Locking Up Your Metadata And The Role Of Image Registrars – Time For A Linked Data Solution?
David Riecks has written an article for DAM Coalition: Why Can’t I Lock Up My Photo Metadata? where he discusses various options for preventing the modification of metadata. He also explains why it will be difficult to achieve with currently available image formats and the tools to manipulate them without creating backward compatibility issues:
“The reality is that in order to protect metadata this way will require major architectural changes throughout ALL image editing, metadata annotation, and image database tools. At minimum, guaranteeing permanence in metadata would require new extensions to existing file formats(like .ptif for a protected TIFF) which would also break backwards compatibility. The applications, file formats, and workflows, which we currently use today are simply not designed for the more rigorous practices that will be needed to assure metadata and image permanence. As a result, insisting on permanent metadata would likely eliminate many legacy and open source (or small developer) tools from being used in an image workflow where metadata permanence is involved. Of course, so long as any application exists that can open a given file format and then resave it as another where metadata and image permanence are no longer guaranteed, it’s a moot point.” [Read More]
The situation with protected metadata seems to be reminiscent of that other perennial request which you can’t go far in DAM without hearing: “why can’t I prevent someone from copying my images?” Similar issues emerge with that discussion too: if you want to distribute protected images, the recipients need a suitable viewer to open them up. Most users don’t want to just look at images, they need to insert them into some other composite asset like a print publication, website, presentation etc and at that point, they need to circumnavigate the copy protection to re-save and import them unless every tool used in their production workflow can open the same protected files (which exactly as David says, is unlikely with the volume of niche or legacy applications now in widespread use).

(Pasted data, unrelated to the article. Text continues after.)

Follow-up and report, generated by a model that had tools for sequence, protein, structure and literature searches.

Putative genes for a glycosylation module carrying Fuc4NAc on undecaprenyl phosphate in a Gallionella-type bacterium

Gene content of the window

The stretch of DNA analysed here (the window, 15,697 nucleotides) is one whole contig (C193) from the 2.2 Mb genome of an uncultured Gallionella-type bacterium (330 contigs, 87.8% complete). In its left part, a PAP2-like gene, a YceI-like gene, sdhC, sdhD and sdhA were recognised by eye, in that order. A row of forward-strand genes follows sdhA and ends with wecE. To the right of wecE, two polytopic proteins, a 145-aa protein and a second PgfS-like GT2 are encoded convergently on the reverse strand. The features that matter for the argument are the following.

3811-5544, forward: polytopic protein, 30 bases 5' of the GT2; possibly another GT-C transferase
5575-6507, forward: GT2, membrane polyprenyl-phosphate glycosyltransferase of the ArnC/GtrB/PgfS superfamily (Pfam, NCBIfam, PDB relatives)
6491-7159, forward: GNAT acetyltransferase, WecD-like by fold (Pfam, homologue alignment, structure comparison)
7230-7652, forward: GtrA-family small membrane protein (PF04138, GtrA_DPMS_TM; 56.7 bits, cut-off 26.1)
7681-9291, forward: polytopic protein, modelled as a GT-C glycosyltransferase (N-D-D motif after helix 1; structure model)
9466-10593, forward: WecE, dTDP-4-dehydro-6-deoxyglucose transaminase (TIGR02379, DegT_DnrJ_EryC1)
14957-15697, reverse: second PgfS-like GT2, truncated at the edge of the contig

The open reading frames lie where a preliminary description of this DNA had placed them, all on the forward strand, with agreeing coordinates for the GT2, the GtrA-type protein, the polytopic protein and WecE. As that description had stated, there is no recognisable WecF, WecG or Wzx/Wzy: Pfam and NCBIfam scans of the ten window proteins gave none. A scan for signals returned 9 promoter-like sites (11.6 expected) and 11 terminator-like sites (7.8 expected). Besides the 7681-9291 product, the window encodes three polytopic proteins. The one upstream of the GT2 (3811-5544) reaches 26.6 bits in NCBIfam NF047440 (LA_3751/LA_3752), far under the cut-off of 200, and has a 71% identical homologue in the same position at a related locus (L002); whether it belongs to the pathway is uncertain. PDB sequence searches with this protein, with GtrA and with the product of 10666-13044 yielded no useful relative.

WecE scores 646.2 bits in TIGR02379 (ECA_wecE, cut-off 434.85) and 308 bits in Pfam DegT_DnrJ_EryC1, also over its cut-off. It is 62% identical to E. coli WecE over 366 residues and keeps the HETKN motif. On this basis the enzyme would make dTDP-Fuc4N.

David discusses some other options like steganography (invisible watermarks) and also signing metadata with some kind of checksum or hash along similar lines to what DAM developers use to check for duplicate files – this would make it possible to identify if it has been altered.
Metadata is less of an all or nothing proposition than the representational data in an image file itself. A large number (arguably the majority) of image users are not usually very interested in this subject – that has been part of the problem with it ending up getting unknowingly stripped by software applications or web sites. If the validity of the metadata (or lack of it) did not actually render the image unusable, more just showed an alert that prompted users but still let them work with it then this would probably be more practical.
Lastly, David discusses the PLUS registry and techniques where metadata gets held independently in a centralised repository. The key or identifier described above to sign the file could be used to check the embedded metadata against the one the registry holds. I have not had sufficient time to properly assess the similarities with an idea proposed in this blog post by Tim Strehl about Linked Data and image search – but there seems to be definite parallels. This might offer a unified method to increase the adoption of embedded metadata, reduce the risk of it being tampered with and provide image buyers with a ready-made repository of usable metadata they can import into their DAM system to reduce their own cataloguing workload.
I think the main point from the last paragraph is that if standards and practices to protect metadata also offered some additional value which helped image users to improve the quality of their own local asset catalogues also then they might be more effective than a pure ‘law enforcement’ model. In my opinion, that would increase the chances of them being adopted by image users – especially as more are becoming aware of the significance of metadata for DAM initiatives and related activities.Share this Article: